Islamic State Fight Could Breathe New Life Into the A-10

A-10 Thunderbolt II

Months after staving off a trip to the boneyard, the embattled A-10 Thunderbolt II is headed to the Middle East where it could be used to fight Islamic militants in Iraq and Syria.

An Indiana Air National Guard unit that flies the Cold War-era gunships, known as Warthogs, is planning to deploy about 300 airmen and an unknown number of its aircraft to the U.S. Central Command region early next month, says a Sept. 17 news release from the unit.

The 122nd Fighter Wing, located at Fort Wayne Air National Guard Base, Ind., has 21 aircraft, though it’s uncertain how many will be deploying, a spokesman said Thursday.

The Air National Guard release doesn’t mention where the group is headed or for what purpose.

The Air Force wants to retire the A-10, an attack aircraft intended for close air support, to pay for its new — and costly — multipurpose F-35 stealth fighters. Retiring the decades-old fleet of about 300 A-10s would potentially save about $4.2 billion over five years, Air Force leaders have said.

But Congress this summer spared the plane from defense cuts. And now some experts say they wouldn’t be surprised to see the almost-mothballed A-10 pulled into the air war in Iraq and Syria, a possibility that could further heat the debate on the plane’s future.

Designed to shoot Soviet tanks rolling across the open fields of Europe, the A-10 has been the primary aircraft for close air support of ground forces since the mid-1970s. Experts say that capability is well-suited to taking out ground targets in Iraq and Syria.

“When you deploy the A-10, they only have one purpose,” said Dakota Wood, the senior research fellow for defense programs at the Heritage Foundation, and that is “to kill things on the ground. If the expectation is to defeat ISIS in Iraq and help the Iraqis push them out or do anything in Syria, especially in the border area between Syria and Iraq, you will need firepower well-suited” to targeting armored vehicles and enemy fighters on the ground.

The A-10 flies “low and slow,” a capability that reduces collateral damage but also makes it more vulnerable to small-arms fire and portable anti-aircraft missiles, experts say.

The threat in Iraq, where Islamic State militants have shoulder-launched, man-portable air defense systems, is manageable, said Gareth Jennings, aviation desk editor for IHS Jane’s Defence Weekly.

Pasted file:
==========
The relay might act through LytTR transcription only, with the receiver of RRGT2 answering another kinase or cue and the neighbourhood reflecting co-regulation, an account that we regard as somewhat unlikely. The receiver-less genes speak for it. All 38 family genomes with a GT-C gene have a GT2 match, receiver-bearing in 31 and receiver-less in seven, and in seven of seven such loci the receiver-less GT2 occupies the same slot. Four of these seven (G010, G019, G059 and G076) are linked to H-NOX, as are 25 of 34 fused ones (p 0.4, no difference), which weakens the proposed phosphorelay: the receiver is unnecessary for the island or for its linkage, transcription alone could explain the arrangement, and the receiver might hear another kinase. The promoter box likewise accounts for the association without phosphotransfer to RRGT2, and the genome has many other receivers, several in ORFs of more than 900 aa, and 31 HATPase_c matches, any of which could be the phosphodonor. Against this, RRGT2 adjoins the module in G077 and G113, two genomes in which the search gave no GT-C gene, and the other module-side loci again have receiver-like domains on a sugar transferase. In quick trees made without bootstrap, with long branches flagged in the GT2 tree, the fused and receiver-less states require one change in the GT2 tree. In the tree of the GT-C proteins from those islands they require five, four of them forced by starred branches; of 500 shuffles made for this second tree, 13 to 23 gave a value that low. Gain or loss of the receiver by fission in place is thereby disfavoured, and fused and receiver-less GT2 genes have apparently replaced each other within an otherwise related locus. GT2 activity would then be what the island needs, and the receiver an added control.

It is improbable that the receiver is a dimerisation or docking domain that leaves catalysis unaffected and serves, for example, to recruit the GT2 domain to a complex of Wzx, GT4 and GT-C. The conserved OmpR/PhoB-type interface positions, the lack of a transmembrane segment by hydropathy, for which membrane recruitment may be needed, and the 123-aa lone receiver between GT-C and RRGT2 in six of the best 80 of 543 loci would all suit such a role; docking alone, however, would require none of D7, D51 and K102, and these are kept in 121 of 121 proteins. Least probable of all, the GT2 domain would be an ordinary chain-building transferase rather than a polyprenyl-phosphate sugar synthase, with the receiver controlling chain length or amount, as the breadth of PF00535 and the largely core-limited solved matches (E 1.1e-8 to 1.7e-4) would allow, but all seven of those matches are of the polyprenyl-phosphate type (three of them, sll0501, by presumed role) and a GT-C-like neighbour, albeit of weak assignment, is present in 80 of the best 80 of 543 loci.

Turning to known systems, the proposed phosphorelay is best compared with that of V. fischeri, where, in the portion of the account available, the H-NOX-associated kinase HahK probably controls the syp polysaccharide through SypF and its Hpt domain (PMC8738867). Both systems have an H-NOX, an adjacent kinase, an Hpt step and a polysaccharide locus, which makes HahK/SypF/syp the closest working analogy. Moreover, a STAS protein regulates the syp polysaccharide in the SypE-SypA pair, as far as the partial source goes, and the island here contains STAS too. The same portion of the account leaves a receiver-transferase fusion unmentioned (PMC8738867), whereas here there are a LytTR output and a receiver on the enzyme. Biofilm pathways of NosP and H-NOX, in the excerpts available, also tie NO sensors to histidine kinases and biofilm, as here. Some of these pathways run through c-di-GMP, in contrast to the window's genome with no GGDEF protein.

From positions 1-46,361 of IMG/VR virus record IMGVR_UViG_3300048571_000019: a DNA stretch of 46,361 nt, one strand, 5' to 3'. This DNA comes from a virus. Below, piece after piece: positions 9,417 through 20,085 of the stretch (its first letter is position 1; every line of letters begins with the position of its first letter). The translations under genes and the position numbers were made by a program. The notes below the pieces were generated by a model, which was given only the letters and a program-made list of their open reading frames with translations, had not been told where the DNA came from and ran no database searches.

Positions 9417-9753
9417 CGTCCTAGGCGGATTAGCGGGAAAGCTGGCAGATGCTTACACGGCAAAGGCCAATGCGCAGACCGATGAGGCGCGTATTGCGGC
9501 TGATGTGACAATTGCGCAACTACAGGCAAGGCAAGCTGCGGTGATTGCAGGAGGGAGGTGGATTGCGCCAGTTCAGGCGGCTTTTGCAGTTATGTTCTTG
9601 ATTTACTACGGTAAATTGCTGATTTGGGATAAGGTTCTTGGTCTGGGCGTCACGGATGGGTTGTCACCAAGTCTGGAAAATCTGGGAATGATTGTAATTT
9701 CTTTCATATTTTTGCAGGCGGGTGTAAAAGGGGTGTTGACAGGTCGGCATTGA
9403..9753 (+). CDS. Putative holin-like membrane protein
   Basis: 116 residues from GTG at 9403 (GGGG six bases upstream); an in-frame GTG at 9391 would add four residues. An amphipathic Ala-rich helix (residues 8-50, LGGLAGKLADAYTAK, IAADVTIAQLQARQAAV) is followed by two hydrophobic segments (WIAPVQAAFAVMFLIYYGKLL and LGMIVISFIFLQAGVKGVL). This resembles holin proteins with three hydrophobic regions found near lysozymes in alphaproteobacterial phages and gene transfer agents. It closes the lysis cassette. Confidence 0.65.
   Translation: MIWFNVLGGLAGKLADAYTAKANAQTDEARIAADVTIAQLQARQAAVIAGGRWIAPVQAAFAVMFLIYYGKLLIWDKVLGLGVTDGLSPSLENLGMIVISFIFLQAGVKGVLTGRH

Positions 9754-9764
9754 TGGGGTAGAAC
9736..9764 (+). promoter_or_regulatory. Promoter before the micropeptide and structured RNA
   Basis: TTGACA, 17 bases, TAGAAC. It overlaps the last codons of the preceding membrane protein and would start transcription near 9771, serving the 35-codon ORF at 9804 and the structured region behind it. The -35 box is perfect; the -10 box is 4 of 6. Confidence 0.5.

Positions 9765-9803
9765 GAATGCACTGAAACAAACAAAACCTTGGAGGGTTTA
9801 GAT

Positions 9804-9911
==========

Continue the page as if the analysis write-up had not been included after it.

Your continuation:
Syria could pose more of a challenge for the A-10, Jennings said. It “would not only be going up against ISIS and other military groups, but you do have the Syrian government to contend with.”

The Syrian government, which has more sophisticated air defense systems, has not interfered with early strikes in the country “but there’s no guarantee that will continue,” Jennings said. “ ‘My enemy’s enemy is my friend’ only goes so far.”

Those risks are worth managing, Jennings thinks, because of the distinct psychological advantage the A-10 and its fearsome 30 mm Gatling gun brings to a fight.

“No other aircraft in the world has the reputation of the A-10 in terms of instilling fear into the enemy” he said. “It can stay over a target; it doesn’t come in and drop its bombs and have to leave. It stays over the battlefield, picking off targets at will.”

Wood thinks it is probable the Air National Guard A-10s are deploying “because of basing options.”

To be able to generate more sorties, it’s better to fly from airfields that are closer to the fight, he said.

The A-10 is more adept than other fighters at launching from short, austere airfields, so it could be the aircraft with that versatility gives the U.S. military more options for sortie generation, he said.

“When you look at a map,” he said, the A-10s could possibly deploy “to Iraq, maybe Saudi Arabia, but there’s a strong option for Jordan.”

The aircraft could instead deploy to Afghanistan, if the Pentagon wants to shift types of airpower from Afghanistan to Iraq and replace that with the A-10, Wood said, but “that seems kind of a cumbersome, expensive dance.”

Deployment of the A-10s in Iraq and Syria would certainly extend the debate as to the aircraft’s future, Wood said.

It will “be a win for the A-10 communities and advocates … one more argument in favor of it.”

Sen. Kelly Ayotte, R-N.H., is among lawmakers who say now is not the time to get rid of the A-10, particularly in light of the current Islamic State threat.

Defeating the Islamic State “will require effective close air support — not just dropping bombs from high altitude on isolated targets — and there is no better [close-air-support] aircraft than the A-10,” Ayotte said in a statement to Stars and Stripes.

But Wood said the argument still comes down to money.

“Even if you said you wanted to keep the A-10, where does the Air Force come up with the money to retain the A-10 and all that comes with it … and still get its full complement of F-35s?”

Though Air Force brass are intent on retiring the plane, “no one is saying because it’s no good,” Jennings said. “They’re saying in this day and age … you can’t afford to have aircraft that are only good at one thing.”

He said this isn’t the first time the A-10 has been on the chopping block only to see a decision reversed in the face of a new conflict.

“What makes it different (now) is the U.S. Air Force doesn’t have the money to support all these different types of aircraft. Unless that changes, I’m afraid the writing is on the wall for the A-10, regardless of how it functions in Iraq, Syria and on.”

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